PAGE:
Interestingly, the positive news was met with negative reactions by the investors.
Eli Lilly fell by 9% following the Donanemab update, sending shares tumbling from $208.18 to $189.16.
This reaction effectively erased almost $20 billion in the company’s market value.
The negative reaction to Eli Lilly’s news may be stemming from the pending application of Biogen’s (BIIB) own Alzheimer’s drug, Aducanumab, which is expected to receive word from the FDA by June.
Investors anticipate that Aducanumab’s performance would be indicative of Donanemab’s future.
Looking at the trial results though, I can say that this shouldn’t be the case. Since the beginning, Donanemab has outperformed Aducanumab in practically every aspect.
Either way, what cannot be denied here is the market opportunity.
When the market thought that Aducanumab would get FDA approval in November 2020, the share price of Biogen saw a whopping 44% jump from $246 to $354 overnight.
Meanwhile, Donanemab’s potential sales volumes have been estimated to reach over $10 billion annually.
Other than Donanemab, Eli Lilly has been developing more contenders to boost its neuroscience division. Right now, this segment generates 6.3% of the company’s total revenues.
One of the promising drugs in the portfolio is migraine treatment Emgality, which recorded a 123% increase in sales last year to hit $362 million.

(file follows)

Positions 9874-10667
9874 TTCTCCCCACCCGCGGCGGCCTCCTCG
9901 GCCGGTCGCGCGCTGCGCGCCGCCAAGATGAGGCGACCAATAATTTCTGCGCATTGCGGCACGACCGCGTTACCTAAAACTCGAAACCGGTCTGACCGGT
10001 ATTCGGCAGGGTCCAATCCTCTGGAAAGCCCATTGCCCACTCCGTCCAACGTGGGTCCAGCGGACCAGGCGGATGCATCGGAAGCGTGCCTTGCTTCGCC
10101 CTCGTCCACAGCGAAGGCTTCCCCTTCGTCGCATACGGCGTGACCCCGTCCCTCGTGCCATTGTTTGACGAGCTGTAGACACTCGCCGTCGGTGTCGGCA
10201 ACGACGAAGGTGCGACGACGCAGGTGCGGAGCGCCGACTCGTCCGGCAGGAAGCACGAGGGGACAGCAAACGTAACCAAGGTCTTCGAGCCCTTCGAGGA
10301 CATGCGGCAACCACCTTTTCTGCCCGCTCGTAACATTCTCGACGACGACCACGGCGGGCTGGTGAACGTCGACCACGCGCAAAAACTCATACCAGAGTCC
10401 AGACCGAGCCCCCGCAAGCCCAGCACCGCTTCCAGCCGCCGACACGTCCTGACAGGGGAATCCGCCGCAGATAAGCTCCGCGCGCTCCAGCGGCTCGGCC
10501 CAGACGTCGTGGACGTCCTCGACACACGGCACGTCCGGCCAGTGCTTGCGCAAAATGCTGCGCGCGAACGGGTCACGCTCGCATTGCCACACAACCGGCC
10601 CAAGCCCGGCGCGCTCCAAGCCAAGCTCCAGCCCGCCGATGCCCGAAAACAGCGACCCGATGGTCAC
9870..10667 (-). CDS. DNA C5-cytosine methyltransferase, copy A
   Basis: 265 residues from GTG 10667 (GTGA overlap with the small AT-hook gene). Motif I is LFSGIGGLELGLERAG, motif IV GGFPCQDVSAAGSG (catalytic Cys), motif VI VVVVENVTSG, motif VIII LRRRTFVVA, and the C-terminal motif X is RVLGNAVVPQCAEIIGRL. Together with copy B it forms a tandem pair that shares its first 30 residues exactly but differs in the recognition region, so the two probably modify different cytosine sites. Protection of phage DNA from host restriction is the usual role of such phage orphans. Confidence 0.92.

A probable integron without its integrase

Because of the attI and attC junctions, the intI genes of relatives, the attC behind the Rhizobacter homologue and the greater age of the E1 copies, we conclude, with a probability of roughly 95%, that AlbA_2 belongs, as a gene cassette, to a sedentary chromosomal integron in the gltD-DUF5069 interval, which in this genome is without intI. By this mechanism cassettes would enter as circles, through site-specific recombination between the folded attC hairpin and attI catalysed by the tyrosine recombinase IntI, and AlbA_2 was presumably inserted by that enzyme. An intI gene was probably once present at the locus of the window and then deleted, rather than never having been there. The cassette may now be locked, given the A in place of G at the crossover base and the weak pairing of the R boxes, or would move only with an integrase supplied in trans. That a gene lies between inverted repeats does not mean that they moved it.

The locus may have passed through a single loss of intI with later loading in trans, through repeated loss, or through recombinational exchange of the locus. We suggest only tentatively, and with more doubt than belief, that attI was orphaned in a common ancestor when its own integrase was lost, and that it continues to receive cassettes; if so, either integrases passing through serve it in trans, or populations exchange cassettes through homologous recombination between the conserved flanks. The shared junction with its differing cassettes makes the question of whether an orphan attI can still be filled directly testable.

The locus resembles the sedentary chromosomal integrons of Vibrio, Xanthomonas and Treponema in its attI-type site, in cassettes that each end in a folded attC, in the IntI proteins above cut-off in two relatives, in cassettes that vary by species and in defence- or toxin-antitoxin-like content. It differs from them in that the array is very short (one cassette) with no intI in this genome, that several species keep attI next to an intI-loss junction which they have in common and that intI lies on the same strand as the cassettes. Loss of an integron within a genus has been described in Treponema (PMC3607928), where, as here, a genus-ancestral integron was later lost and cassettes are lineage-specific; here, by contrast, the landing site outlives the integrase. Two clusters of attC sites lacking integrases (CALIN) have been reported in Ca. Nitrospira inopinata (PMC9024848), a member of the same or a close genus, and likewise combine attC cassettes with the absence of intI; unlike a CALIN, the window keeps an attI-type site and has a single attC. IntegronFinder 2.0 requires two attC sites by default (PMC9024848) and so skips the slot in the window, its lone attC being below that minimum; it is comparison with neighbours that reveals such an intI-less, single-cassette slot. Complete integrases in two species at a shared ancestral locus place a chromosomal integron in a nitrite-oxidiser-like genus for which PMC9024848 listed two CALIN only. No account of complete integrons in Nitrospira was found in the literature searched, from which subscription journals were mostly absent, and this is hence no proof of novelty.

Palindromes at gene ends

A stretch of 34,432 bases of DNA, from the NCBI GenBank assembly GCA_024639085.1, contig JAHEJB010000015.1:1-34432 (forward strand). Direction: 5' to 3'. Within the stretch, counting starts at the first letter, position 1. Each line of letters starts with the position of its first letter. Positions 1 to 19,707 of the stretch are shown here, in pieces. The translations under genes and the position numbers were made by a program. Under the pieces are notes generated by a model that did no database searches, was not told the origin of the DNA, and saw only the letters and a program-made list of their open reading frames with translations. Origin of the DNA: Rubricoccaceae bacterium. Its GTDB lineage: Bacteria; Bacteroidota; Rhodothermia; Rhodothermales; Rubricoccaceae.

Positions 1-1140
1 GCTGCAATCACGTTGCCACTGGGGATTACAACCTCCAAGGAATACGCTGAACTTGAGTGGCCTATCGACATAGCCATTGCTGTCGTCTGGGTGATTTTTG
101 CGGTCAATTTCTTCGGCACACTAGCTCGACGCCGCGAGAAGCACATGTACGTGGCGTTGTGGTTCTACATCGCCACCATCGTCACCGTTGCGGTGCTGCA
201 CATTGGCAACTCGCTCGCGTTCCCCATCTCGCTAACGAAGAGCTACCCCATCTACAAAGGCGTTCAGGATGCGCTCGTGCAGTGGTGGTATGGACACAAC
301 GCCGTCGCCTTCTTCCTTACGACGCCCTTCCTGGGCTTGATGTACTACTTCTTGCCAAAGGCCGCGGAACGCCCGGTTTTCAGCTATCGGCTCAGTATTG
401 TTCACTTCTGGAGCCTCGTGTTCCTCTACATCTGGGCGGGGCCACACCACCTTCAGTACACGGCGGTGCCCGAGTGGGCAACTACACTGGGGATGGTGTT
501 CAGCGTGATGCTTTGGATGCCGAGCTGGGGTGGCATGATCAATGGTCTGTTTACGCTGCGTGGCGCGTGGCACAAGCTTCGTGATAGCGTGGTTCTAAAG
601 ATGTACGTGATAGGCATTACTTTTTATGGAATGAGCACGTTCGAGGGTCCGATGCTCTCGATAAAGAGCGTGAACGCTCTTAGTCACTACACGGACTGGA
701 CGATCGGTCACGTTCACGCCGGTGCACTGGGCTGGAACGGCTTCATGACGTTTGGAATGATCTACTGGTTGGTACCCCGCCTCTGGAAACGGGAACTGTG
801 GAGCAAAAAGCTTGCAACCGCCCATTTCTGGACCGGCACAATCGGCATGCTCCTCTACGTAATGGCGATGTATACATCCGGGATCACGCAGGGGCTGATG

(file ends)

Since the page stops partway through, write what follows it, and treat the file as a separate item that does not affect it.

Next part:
Thus far, Emgality holds at least 31% of the migraine market and still has room for growth and expansion.
This is a remarkable performance considering that its competitors include Amgen’s Aimovig and Teva’s (TEVA) Ajovy.
Another solid earner is antidepressant treatment Cymbalta, which generated over $768 million in sales last year, up by 5% year-on-year.
Outside its neuroscience efforts, one of Eli Lilly’s strongest growth drivers is its diabetes franchise.
This segment accounts for roughly 47% of its revenues and is led by Trulicity with $5 billion in sales last year, up 23% year-over-year.
Eli Lilly’s diabetes program has grown so much in the past years that it now aggressively competes against Novo Nordisk (NVO), a monopoly-like presence in this space.
In fact, Trulicity has been able to successfully protect its own market share against Novo’s heavily marketed Rybelsus, with data showing that users of Eli Lilly’s diabetes injectable recorded 60% adherence levels compared to Novo’s 43%.
In terms of expansion, Eli Lilly also won a new approval for Trulicity to be used to treat cardiovascular conditions as well.
This additional indication puts Trulicity’s peak sales at roughly $7.43 billion.